In 2008, non-profits and charities collected about 10% of their donations online, according to a survey by Target Analytics, but usability expert Jakob Nielsen
says the amount of money collected online could be much higher — with
improved website design and content that answers the donors’ real
To discover how non-profit websites could encourage more donations,
Nielsen looked at user behavior on 23 websites of large and small
non-profit groups representing a wide range of causes from animal
welfare to museums, to youth programs, to international development.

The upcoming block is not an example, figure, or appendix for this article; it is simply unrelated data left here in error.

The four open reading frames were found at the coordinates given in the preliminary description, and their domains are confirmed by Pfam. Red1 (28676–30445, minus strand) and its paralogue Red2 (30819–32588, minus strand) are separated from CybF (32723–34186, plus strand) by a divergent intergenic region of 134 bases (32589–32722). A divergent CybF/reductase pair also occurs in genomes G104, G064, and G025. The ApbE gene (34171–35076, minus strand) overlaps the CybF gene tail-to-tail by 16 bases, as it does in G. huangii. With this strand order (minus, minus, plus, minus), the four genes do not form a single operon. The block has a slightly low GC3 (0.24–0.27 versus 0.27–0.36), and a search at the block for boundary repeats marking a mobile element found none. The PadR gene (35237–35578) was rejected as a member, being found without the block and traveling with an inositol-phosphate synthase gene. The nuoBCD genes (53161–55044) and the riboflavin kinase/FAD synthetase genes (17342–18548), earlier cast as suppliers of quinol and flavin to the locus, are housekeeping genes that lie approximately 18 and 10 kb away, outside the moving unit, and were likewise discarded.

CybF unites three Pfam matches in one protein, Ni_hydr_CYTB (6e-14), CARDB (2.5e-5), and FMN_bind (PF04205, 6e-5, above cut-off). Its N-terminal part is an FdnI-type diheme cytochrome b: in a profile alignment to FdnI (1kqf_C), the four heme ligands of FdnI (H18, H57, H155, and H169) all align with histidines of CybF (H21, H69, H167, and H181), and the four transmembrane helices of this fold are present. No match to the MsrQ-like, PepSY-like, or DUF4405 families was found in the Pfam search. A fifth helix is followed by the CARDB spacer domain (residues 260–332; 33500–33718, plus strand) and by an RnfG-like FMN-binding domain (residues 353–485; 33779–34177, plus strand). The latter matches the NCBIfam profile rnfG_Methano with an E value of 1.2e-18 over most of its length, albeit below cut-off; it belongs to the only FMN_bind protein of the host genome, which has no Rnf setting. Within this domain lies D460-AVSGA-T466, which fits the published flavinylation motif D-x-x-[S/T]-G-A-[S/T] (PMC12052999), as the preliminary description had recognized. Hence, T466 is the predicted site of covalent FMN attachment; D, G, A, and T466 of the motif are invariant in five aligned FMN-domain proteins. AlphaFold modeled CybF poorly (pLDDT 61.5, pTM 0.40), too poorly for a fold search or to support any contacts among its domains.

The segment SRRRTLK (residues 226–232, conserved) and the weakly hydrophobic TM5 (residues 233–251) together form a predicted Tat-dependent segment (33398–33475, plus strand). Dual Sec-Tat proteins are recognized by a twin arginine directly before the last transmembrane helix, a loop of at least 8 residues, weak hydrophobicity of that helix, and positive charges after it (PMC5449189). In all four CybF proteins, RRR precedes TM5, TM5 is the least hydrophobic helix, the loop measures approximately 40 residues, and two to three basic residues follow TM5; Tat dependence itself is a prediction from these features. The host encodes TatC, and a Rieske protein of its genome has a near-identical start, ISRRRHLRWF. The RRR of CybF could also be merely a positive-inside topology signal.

Topping the list of “donation killers,” Nielsen reports, were
content issues (53%) and usability issues (47%), the latter including
a confusing workflow and cluttered pages. (On 17% of the sites, users
couldn’t find where to make a donation!) Further, there’s commonly a
gap between the information provided by many non-profit websites and
what the prospective donors actually wanted in the way of information
to help them make the decision to donate: “What are you trying to
achieve, and how will you spend my money?”
“Once people had decided to make a donation — and found the donation
button on sites that made doing so difficult — it was fairly easy for
them to proceed through the workflow and donate” — but getting website
users to that important click is the real challenge.
See the Alertbox online newsletter for 30 March 2009, Donation Usability: Increasing Online Giving to Non-profits and Charities, for Nielsen’s detailed recommendations for how non-profit websites can be improved to get more online donations.